LifeWay conference highlights special needs ministry

Special needs ministry a growing emphasis in churches

Ridgecrest, N.C. 7/24/2009 03:14 AM GMT (TransWorldNews)

"Go, Bobby! Go!"


A broad grin spread across Bobby Shifflett’s face below the blindfold covering his eyes. His classmates laughed and cheered as 44-year-old Shifflett, who has Down syndrome, tried to spoon cotton balls into a bowl without being able to see what he was doing.


The unreserved enthusiasm continued as class members answered Bible lesson questions during Special Friends Vacation Bible School, part of the special needs ministry track offered at LifeWay Ridgecrest Conference Center during LifeWay’s The Power of the Connected Sunday School Conference (aka Sunday School Week) July 10-13.


"Have any of you ever shared Jesus with anyone?" asked teacher Jo Ann Banks.


"Yes!" replied adult learners who had disabilities ranging from intellectual disabilities to autism to genetic disorders.


"He died on the cross for our sins – so we could have eternal life," said Rob Powell in his strong, outgoing, matter-of-fact voice. Powell, 39, has Williams syndrome.


Across the hall, parents, advocates, church members and Sunday school teachers learned key elements of establishing and improving special needs ministries. The information included tips regarding ideal space needs, teaching tools and outreach methods.


For some, the lively VBS was their first opportunity to get hands-on experience in a class full of special needs students.


Dianne Reynolds of Gainesville, Fla., was drawn to the LifeWay conference as the leader of a task force to form a special needs ministry at Northwest Baptist Church in Gainesville.


Reynolds’ son Jason, 13, has multiple diagnoses, including Charcot-Marie-Tooth, a degenerative nerve disease. "Jason was born into the church, and he’s always been served by our church," Reynolds said. "God is calling us to a ministry to reach out to this community."


Ronda Bradley of Belmont, N.C., whose daughter has special needs, said she attended the conference to learn more about how churches can reach, "the most unreached population in our country."


"Nobody thinks they get it," she said.


"Oh, they get it," said Banks, who started a Special Blessings adult Sunday school class nine years ago at Woodland Hills Baptist Church, Asheville, N.C.


"We apply it to their everyday lives – and we make it fun," Banks said.


Throughout more than 25 years in special education, 10 years leading a troop of Girl Scouts with special needs, building her A.D.A.M. (Adult Disability Activities Ministry), and raising her daughter Kelley, 30, who has special needs, Banks has learned that individuals with developmental delays are capable of more than coloring or being read to during Sunday school. She said purpose emerges as churches learn from them.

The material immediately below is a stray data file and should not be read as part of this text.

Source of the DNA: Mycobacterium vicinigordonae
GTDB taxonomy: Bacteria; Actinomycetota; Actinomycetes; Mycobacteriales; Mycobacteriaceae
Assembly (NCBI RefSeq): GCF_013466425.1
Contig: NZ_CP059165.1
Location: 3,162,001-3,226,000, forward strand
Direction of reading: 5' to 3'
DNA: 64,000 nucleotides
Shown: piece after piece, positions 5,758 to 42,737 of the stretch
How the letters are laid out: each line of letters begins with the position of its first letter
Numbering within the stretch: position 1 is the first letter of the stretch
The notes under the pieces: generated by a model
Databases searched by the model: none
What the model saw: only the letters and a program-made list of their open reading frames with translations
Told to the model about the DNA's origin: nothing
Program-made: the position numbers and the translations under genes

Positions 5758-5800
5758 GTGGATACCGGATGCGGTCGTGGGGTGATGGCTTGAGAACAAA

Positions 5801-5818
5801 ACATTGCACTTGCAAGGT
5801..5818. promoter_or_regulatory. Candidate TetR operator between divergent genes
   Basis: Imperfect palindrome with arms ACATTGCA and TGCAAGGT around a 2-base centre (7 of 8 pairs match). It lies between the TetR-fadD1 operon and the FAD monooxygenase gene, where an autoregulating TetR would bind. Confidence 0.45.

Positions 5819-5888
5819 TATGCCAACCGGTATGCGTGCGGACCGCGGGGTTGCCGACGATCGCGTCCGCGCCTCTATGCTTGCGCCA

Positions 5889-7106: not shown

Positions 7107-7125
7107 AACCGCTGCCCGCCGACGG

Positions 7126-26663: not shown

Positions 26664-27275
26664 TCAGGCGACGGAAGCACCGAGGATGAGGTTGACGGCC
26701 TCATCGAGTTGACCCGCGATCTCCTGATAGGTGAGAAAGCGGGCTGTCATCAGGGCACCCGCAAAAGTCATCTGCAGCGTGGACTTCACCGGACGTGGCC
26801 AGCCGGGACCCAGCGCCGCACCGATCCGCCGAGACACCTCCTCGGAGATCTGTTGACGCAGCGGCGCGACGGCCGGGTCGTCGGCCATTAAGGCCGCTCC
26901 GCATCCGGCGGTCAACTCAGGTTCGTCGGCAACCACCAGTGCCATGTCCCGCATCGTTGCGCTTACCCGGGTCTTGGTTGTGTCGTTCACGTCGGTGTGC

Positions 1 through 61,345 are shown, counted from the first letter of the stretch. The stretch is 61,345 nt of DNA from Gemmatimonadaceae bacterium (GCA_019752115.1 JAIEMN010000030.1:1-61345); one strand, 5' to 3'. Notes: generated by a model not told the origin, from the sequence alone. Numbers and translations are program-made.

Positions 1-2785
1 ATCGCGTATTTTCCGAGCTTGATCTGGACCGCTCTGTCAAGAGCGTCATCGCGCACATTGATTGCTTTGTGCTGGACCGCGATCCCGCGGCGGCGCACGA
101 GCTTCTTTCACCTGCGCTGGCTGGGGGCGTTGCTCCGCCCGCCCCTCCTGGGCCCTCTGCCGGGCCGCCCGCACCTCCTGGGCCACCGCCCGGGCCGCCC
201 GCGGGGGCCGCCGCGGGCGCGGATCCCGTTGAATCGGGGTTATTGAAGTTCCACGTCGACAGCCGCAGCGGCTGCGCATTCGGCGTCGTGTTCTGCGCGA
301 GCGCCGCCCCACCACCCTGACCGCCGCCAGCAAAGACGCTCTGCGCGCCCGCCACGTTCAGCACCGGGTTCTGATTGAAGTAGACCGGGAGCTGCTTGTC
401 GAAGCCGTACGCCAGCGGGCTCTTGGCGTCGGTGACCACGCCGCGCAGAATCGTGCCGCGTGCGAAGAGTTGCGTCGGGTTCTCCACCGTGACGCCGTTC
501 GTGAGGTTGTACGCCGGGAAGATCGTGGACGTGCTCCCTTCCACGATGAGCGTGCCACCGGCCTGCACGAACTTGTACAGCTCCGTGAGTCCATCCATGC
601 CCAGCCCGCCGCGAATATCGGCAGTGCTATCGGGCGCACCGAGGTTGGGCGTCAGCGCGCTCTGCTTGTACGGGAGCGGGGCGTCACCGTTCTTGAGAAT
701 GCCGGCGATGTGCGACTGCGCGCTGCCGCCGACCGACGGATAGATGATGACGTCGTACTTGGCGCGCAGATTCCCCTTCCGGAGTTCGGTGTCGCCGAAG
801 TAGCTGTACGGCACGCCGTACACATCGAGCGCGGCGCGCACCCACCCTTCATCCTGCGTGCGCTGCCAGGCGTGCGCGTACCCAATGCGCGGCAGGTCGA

"They can have that childlike acceptance we’re all supposed to have," observed Ellen Beene, a special needs resources editor at LifeWay. "If you want someone to pray for you without ceasing, tell the special needs class. They also laugh and have fun with a joy that a lot of our adult classes have forgotten.


"They are totally uninhibited when they worship," Beene said. "It doesn’t matter if someone is off key. No one’s judging them. Their’s is the most sincere worship I’ve experienced."


As conference instructor Susan Foster, writer for LifeWay’s Special Buddies curriculum, put it: "We’re continuing the ministry that Jesus started," explaining that Jesus spent a lot of time among people overlooked by mainstream society.


Volunteer Scott Hurdt, 22, often helps Banks with special needs retreats. He is an elementary education major, with minors in special education and theater, at Western Carolina University (Cullowhee, N.C.). Through volunteering, Hurdt learned how much he enjoys working with people with autism. "If you do it once, you’re hooked," he said.


Jon Ponder agreed. He volunteers, along with his wife, Darlene, in Banks’ Asheville class.


"What cool people," Ponder said. "We had a girl in our class in a wheelchair, and she would pray for Jesus to make her be able to walk, but then she would say it’s OK if that wasn’t until she was in heaven.


"You just can’t hear that enough," he said.


During a break after an outdoor game with a parachute and some balls, group home resident, Ralph Moore, 53, who has developmental delays, turned to Banks and thanked her, carefully reaching for the right words.


"You are just a fabulous, sincere person," Moore said to Banks. "You’ve got a much more good way of teaching – that I can understand."


For more information about special needs ministry resources and events, visit


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